Just to give you a little sense of the assignment, it's actually a smaller assignment, right? It's one that I think most of you will be able to complete in less than ten hours. And by design, kinda giving you something to kind of practice a little bit with sorting but give you a little bit of a break when everything else is getting crazy in the rest of your classes. There are two parts to it. One is kind of identifying some mystery source by doing some experimentation and kind of a scientific method on that. And then the second one is running your own template sort based on a new sorting algorithm that you go and explore and learn something about that. And that has a pretty different setup for what we're expecting to do, which is actually we are encouraging you to go look at other books and web resources and talk to people and think about things and come up with an algorithm that you'd like to learn a little bit more about and implement. You can make this task extremely easy. I don't recommend it, but it turns out you can go and find somebody who's actually almost done the job for you and just copy and paste their code. That is allowable by the bounds of the assignment to be clear, but we are hoping that you actually put a little more thought and effort and learn a little bit more from the process of exploring and thinking about a goal – like, having a goal. I'd like the kinda sort that does this well or would be useful in this situation and learn more about it. But that said, you are able to use a lot of resources. You need to be clear about citing your sources, right? That's the most important thing in terms of academic integrity – always – in this class and everything you do, both in the academic and the professional world – is that when you are making use of someone else's work as part of something you're producing – is to be clear that you give credit where credit is due. So you can make it into a bigger project if you've got the time and energy. You can also take it a little bit easy gearing up. There will be two more assignments to go out after this one that both are pretty substantial. So – in terms of planning this – maybe the time to take it easy and then get ready for the things coming. Today, I'm gonna finish the little bit about template functions that I had left hanging on Friday's lecture, and then we're gonna start talking about OOP and class design implementation. Pretty much from here to the end, we're gonna do just a lot of class implementation. We'll be talking about, "Well, how is it that vector works? How is it that stack works? And queue works? And map works? And set works? How is it that we build classes up from the inside that have useful properties from the outside?" And there'll be a lot of neat data structures to look at and big old trade-offs to talk about pointers to be used, link lists and more dynamic structures and a great opportunity to kind of put into practice a lot of the hardcore stuff. The reading that we're at is chapter eight. This is when we talk about objects in classes today – kind of the general background material for that, and then we'll talk about class templates starting on Wednesday. Wednesday – Friday – whenever our next lecture is. And then we'll do a lot of class templates from here for several weeks before we're done. All right. Anything on the administration doc? Question?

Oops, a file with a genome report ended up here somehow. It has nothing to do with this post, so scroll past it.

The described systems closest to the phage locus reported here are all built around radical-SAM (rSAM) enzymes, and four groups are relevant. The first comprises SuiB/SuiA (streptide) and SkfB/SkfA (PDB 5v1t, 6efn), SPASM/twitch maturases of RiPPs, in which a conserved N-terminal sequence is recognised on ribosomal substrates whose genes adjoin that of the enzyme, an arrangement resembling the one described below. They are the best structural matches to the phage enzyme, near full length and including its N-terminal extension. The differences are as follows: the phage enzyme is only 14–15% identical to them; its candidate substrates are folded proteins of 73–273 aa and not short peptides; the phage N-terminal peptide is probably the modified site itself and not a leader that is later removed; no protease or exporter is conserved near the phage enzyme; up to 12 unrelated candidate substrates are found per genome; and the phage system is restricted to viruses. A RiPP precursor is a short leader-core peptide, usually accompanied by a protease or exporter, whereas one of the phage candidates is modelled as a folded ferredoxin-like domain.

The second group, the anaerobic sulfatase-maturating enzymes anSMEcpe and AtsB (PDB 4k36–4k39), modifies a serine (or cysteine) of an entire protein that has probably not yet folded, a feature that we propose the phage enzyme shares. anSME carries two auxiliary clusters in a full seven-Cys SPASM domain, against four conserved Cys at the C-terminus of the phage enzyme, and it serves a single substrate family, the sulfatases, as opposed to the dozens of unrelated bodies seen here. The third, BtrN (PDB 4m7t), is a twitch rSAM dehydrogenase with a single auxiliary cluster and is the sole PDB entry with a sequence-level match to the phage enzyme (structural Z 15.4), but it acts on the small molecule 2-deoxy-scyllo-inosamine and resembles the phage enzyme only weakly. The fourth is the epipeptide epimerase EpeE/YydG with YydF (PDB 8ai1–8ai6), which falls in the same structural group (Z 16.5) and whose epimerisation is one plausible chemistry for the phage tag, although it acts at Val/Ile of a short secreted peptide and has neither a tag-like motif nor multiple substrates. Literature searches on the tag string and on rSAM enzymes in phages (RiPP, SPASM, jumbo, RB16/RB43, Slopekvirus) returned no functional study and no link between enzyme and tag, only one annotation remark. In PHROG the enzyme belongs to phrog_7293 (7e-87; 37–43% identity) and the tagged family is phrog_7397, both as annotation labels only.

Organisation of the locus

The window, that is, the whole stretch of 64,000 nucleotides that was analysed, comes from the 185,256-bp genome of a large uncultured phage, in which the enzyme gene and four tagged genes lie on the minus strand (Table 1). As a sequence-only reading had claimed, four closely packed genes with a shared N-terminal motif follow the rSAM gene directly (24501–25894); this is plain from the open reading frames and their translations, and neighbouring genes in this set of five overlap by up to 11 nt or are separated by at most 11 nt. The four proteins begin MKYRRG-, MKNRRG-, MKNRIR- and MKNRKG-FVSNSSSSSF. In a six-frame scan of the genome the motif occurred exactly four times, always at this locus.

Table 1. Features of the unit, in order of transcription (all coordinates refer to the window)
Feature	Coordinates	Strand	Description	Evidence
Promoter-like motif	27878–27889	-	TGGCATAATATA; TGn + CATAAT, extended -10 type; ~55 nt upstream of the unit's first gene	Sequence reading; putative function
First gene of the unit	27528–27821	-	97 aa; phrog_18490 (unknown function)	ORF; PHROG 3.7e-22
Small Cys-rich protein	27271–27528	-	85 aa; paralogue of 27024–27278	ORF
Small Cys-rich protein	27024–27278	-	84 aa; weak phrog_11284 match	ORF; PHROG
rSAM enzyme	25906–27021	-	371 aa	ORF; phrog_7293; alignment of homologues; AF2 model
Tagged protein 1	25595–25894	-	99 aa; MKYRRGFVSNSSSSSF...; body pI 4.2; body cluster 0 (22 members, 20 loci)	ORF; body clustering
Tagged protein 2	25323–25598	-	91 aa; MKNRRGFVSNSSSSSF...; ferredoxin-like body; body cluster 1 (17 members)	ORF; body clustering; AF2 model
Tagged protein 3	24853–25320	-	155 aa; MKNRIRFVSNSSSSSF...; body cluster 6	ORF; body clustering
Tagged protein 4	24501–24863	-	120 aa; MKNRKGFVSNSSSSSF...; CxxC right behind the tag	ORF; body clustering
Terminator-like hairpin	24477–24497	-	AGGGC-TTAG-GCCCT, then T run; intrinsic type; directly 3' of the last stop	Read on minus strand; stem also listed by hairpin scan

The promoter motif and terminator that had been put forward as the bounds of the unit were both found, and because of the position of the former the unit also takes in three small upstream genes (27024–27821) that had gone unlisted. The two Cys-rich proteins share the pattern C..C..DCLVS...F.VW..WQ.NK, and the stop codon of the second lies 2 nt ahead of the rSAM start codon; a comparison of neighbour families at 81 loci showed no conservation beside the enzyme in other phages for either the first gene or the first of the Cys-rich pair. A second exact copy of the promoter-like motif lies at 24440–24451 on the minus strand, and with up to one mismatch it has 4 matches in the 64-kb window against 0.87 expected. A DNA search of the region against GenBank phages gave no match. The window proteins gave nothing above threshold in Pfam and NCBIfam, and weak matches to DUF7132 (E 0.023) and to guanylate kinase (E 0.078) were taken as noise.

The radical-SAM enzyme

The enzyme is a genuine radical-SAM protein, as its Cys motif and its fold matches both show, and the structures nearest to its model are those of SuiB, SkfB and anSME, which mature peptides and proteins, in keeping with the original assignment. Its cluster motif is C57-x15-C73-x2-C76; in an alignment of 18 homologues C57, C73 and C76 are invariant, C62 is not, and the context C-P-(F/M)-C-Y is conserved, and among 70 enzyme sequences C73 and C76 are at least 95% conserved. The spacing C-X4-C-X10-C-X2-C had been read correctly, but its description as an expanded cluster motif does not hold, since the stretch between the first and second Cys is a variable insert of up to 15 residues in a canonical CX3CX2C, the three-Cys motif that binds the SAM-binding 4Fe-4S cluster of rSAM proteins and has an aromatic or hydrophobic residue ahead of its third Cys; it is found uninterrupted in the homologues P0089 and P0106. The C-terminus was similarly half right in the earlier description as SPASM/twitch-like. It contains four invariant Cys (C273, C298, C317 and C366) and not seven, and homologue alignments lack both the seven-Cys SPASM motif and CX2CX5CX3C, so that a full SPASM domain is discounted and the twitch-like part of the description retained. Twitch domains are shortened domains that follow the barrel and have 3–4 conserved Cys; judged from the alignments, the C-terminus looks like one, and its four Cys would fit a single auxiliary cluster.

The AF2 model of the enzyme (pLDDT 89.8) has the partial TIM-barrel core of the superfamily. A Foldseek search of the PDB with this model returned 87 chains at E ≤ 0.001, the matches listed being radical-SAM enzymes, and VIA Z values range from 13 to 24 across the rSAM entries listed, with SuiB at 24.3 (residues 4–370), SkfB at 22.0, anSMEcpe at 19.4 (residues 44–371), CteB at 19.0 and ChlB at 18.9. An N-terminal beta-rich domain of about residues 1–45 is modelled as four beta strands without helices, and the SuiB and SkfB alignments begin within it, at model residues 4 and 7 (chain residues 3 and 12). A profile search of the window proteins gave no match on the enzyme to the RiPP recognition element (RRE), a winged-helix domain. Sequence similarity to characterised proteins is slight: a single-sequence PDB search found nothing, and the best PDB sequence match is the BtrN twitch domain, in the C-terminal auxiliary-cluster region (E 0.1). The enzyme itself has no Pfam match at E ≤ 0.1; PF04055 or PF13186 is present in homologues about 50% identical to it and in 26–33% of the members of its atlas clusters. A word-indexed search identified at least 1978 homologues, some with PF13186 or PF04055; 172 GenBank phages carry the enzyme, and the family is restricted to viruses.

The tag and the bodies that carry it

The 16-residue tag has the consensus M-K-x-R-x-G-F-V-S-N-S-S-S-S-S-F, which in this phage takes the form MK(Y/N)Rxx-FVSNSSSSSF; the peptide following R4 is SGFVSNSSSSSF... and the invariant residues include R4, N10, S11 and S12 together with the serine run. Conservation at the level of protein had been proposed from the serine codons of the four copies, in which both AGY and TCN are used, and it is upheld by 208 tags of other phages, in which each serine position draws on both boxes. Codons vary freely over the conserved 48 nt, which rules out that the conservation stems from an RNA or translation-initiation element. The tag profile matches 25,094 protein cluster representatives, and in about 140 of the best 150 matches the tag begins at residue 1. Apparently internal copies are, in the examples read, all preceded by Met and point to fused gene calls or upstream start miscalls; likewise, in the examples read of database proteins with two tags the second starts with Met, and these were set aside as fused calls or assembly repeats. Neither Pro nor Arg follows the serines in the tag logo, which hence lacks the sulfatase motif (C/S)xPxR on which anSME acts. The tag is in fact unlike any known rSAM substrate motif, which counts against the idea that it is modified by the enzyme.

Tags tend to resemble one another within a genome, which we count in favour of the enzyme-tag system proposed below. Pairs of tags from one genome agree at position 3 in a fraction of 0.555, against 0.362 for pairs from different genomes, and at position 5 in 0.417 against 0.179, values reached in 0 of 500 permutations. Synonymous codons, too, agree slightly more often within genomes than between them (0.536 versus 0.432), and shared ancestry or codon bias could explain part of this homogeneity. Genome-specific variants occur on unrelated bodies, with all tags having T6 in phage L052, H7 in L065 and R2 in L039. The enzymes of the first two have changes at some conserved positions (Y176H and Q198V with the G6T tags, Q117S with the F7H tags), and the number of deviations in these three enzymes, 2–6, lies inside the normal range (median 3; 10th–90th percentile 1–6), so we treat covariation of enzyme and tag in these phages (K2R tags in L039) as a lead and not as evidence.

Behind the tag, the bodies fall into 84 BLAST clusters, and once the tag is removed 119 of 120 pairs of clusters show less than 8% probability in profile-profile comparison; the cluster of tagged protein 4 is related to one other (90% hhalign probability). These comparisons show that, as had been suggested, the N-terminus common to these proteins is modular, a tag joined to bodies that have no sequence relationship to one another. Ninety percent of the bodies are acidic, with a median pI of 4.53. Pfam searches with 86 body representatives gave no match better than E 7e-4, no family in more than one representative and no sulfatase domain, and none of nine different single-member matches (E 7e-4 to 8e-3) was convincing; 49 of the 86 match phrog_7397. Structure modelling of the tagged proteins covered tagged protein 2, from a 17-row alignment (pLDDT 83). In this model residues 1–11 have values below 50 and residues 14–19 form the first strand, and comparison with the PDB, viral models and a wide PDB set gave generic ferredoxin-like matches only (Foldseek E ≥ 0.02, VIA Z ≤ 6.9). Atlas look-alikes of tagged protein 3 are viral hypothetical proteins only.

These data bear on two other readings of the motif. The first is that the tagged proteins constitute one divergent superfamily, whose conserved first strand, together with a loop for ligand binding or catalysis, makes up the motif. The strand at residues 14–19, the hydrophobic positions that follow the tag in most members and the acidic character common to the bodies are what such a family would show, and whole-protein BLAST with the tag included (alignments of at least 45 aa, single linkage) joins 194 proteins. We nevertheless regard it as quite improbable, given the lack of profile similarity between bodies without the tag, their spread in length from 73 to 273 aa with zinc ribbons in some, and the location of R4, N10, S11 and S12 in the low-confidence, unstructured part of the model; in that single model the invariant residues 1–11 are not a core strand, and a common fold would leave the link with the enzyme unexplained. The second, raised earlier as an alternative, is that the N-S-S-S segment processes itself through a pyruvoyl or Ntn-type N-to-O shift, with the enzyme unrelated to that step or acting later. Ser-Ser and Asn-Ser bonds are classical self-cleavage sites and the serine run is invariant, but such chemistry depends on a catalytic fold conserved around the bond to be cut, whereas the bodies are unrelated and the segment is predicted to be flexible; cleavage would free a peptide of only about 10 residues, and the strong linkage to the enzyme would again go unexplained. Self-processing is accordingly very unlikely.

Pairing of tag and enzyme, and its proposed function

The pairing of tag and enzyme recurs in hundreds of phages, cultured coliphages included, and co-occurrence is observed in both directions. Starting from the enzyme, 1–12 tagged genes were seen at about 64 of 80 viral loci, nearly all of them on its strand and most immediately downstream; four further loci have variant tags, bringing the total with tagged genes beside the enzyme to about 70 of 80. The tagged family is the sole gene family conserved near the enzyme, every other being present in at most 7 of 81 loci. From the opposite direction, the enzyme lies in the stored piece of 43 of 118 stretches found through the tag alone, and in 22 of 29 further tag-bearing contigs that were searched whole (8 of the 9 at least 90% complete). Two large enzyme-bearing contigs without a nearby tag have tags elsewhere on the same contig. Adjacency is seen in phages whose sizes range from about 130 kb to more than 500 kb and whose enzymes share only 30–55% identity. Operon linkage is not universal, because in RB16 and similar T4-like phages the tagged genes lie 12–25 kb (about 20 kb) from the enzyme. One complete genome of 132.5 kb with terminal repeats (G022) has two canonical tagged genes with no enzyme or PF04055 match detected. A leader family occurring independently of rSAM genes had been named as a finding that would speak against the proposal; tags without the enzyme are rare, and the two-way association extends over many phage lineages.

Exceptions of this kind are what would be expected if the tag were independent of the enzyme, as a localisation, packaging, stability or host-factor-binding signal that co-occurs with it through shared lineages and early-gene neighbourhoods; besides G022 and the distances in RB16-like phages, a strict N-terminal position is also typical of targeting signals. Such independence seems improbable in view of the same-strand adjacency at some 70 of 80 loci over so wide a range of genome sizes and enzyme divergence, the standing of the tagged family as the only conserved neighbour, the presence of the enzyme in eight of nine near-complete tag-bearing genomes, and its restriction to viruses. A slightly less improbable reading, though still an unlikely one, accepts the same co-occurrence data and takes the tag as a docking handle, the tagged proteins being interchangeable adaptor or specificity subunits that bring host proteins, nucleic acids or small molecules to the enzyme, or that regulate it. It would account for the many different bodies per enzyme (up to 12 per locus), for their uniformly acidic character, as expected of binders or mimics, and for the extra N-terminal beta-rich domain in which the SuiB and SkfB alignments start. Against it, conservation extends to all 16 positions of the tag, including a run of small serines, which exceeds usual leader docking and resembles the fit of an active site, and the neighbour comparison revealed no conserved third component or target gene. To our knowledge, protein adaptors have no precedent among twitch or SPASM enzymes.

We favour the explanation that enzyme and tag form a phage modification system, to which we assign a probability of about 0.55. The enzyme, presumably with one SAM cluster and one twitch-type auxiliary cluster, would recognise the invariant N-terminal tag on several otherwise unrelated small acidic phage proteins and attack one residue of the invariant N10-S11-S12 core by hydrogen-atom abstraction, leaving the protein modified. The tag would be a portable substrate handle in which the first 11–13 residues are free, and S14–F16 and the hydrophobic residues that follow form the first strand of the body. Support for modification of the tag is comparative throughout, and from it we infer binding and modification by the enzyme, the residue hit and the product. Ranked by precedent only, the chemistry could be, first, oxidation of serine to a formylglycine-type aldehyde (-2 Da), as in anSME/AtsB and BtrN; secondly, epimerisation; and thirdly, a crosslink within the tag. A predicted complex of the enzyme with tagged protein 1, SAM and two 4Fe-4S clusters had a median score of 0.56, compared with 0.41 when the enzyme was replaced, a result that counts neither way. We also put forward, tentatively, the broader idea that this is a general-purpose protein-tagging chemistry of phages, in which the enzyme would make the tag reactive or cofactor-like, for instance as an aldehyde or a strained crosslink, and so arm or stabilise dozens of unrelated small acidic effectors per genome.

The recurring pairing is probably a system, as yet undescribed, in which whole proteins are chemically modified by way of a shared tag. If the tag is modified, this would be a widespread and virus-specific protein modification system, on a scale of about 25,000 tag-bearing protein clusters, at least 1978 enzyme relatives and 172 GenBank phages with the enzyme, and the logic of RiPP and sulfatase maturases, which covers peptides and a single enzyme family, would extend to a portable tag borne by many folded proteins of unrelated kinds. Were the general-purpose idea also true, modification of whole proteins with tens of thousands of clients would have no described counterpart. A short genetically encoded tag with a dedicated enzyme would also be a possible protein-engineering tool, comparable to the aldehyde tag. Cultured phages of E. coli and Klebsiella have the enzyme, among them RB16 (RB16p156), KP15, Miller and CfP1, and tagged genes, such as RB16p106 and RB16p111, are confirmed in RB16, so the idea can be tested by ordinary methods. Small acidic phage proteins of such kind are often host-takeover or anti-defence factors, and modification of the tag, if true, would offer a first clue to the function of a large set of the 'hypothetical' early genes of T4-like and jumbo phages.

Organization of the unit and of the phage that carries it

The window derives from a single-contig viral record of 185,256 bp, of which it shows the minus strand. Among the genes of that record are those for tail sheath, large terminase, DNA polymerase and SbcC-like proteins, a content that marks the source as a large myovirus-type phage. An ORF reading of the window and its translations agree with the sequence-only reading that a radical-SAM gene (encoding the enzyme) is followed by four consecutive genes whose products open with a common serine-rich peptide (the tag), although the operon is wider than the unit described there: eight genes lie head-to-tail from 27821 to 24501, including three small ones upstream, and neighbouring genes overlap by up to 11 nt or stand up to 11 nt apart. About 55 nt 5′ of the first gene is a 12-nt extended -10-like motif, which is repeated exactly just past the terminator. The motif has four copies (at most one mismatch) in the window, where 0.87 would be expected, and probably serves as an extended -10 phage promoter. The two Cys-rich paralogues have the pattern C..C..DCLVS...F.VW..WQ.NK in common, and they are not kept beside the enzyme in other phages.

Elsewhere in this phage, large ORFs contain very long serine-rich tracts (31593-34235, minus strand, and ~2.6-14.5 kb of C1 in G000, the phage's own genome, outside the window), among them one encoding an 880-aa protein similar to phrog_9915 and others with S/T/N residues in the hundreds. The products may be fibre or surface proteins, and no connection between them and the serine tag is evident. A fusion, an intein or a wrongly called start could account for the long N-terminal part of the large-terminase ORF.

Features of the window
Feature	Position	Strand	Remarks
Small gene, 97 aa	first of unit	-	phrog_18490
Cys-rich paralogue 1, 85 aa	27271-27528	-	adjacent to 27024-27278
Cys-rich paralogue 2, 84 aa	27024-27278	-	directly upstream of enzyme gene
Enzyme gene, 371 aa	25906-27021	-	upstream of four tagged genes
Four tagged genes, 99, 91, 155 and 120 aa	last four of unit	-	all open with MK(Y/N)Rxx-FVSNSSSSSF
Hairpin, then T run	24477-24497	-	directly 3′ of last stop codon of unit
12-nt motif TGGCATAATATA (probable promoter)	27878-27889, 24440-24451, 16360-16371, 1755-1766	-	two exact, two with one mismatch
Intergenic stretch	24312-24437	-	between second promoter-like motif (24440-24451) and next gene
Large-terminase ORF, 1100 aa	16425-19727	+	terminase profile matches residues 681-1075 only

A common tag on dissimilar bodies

Student:Just a quick thing. Could you give us, like, a general timeline as to when the next [inaudible]. [Crosstalk]